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Snow did not keep PlayMakers Repertory Company from opening its latest blockbuster, Ibsen’s An Enemy of the People. Arthur Miller’s adaptation of Henrick Ibsen’s 1881 play marks the creation of what might be the first case of whistleblowing. In a town full of government corruption and greed, Dr. Thomas Stockmann dares to go against authority and declare that the mineral springs, a spa that is sure to put the town on the map, is actually polluted with detritus from the local tannery. Once he makes this discovery, he rapidly becomes persona non grata at the hands of his brother, Mayor Peter Stockmann, who uses his influence and power to make a pariah out of his brother and turn the entire town against him.
PRC has selected a superb pair of actors to play the antagonists in this work. Dr. Thomas Stockmann is portrayed by Michael Bryan French, whose stage, film, and television credits are lengthy. Squaring off against him is Anthony Newfield as Peter. Newfield’s credits extend from Broadway to international stages in Ireland and Russia. As these two men match wits onstage, a firestorm of resistance is built up in the citizenry of the town against what Peter terms as subterfuge and destruction. Thomas cannot understand what is happening; he only understands that the waters of the springs are polluted, and everything else is of minor consequence to that.
Joining these two onstage are familiar faces: Katherine Stockman is played by Julia Gibson (PRC’s Into the Woods, Vanya and Sonia and Masha and Spike); Aslaksen, the town’s newspaper publisher, is played by Jeffrey Blair Cornell, a long-standing PRC staple; David Adamson portrays Morten Kiil, Thomas' greedy father-in-law; and Derrick Ivey plays Captain Horster, a longtime friend of Thomas' and the only person who stands beside Thomas and his family when the rest of the town is against them.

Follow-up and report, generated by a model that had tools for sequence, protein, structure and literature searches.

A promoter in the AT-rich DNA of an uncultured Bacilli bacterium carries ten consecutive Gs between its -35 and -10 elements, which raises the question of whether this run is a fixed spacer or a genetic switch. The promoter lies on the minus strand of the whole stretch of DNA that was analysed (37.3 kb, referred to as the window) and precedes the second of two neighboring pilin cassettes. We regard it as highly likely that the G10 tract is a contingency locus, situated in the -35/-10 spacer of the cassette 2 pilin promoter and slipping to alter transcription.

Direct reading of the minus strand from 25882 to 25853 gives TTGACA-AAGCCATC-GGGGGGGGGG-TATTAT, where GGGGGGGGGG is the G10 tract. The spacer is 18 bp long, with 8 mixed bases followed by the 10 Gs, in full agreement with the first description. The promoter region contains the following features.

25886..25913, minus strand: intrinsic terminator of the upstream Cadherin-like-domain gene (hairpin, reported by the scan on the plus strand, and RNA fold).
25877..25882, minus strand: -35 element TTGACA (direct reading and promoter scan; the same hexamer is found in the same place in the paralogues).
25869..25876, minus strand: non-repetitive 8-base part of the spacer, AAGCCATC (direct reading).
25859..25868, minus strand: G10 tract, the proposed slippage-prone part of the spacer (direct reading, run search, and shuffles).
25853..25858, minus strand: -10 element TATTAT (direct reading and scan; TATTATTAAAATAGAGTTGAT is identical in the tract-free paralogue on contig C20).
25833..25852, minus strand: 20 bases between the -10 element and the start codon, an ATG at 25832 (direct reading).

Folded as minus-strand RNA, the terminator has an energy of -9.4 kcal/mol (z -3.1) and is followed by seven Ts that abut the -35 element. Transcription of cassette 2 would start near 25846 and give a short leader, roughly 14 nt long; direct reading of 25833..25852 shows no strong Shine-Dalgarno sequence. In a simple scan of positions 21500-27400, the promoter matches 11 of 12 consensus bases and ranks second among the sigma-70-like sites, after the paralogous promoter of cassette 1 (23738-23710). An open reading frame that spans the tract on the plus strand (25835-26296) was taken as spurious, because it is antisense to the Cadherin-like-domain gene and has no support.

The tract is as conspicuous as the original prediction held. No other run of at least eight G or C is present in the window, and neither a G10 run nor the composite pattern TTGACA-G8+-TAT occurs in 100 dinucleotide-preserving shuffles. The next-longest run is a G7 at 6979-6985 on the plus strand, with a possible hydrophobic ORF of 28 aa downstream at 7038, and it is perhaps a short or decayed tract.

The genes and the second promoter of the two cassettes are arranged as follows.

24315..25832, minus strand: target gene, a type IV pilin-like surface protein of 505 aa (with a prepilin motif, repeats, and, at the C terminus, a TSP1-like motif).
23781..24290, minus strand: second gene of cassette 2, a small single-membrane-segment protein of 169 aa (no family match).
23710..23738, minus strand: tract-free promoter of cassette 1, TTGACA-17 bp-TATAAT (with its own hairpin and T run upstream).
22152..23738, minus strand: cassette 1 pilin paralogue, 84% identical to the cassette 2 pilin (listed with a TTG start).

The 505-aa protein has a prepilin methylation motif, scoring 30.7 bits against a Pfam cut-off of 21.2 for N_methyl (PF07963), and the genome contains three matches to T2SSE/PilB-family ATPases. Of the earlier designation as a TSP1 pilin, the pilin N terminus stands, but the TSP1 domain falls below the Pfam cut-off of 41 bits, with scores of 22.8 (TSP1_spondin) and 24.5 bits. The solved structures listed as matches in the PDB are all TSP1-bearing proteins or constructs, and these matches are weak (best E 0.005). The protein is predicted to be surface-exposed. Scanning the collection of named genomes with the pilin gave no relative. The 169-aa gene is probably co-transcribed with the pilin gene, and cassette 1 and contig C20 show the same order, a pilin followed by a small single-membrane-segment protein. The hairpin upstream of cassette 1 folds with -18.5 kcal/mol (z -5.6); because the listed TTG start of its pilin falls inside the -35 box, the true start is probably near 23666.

Director Tom Quaintance assembled a striking and talented crew to bring this play to life. McKay Coble designed the set, which includes the home of Dr. Stockmann, the offices of the newspaper, and the home of Captain Horster. This set also includes a major addition in the form of rain, which falls immediately after Scene I. As thunder and lightning strike, rain falls from the “skies,” a network of lights and stage props above that have been specifically lit with two fresnels in order to show the marvel of their workings. Patrick Holt designed the costumes, set in the 1950s as indicated by Miller’s adaptation. The sound and music, designed by Robert Dagit, supplied a fine and haunting soundtrack to this piece.
An Enemy of the People was written by Ibsen as a reaction to the receipt of his play Ghosts, which was reviled by the people and the critics alike. It is the most quickly written of his plays, and it looks at corporate greed, government corruption, the inconstancy of the press, and a variety of social woes such as blind obedience, mob mentality, and the tyranny of the majority. That these subjects are still headliners is obvious. Miller’s updating of the play from 1881 to 1950 does nothing to lessen these topics; if anything, his turn underscores these aspects of the play and intensifies them for the audience. Quaintance and his cast and crew throw these aspects from the stage like daggers, with a tense building of suspense that is masterful.
But the essence of this work is the standing alone of the individual against all odds. As Thomas says, “The strong must learn to be lonely.” It is a signature that applies to all such men of vision, as to Ibsen himself.
An Enemy of the People continues through Sunday, March 15. For more details on this production, please view the sidebar.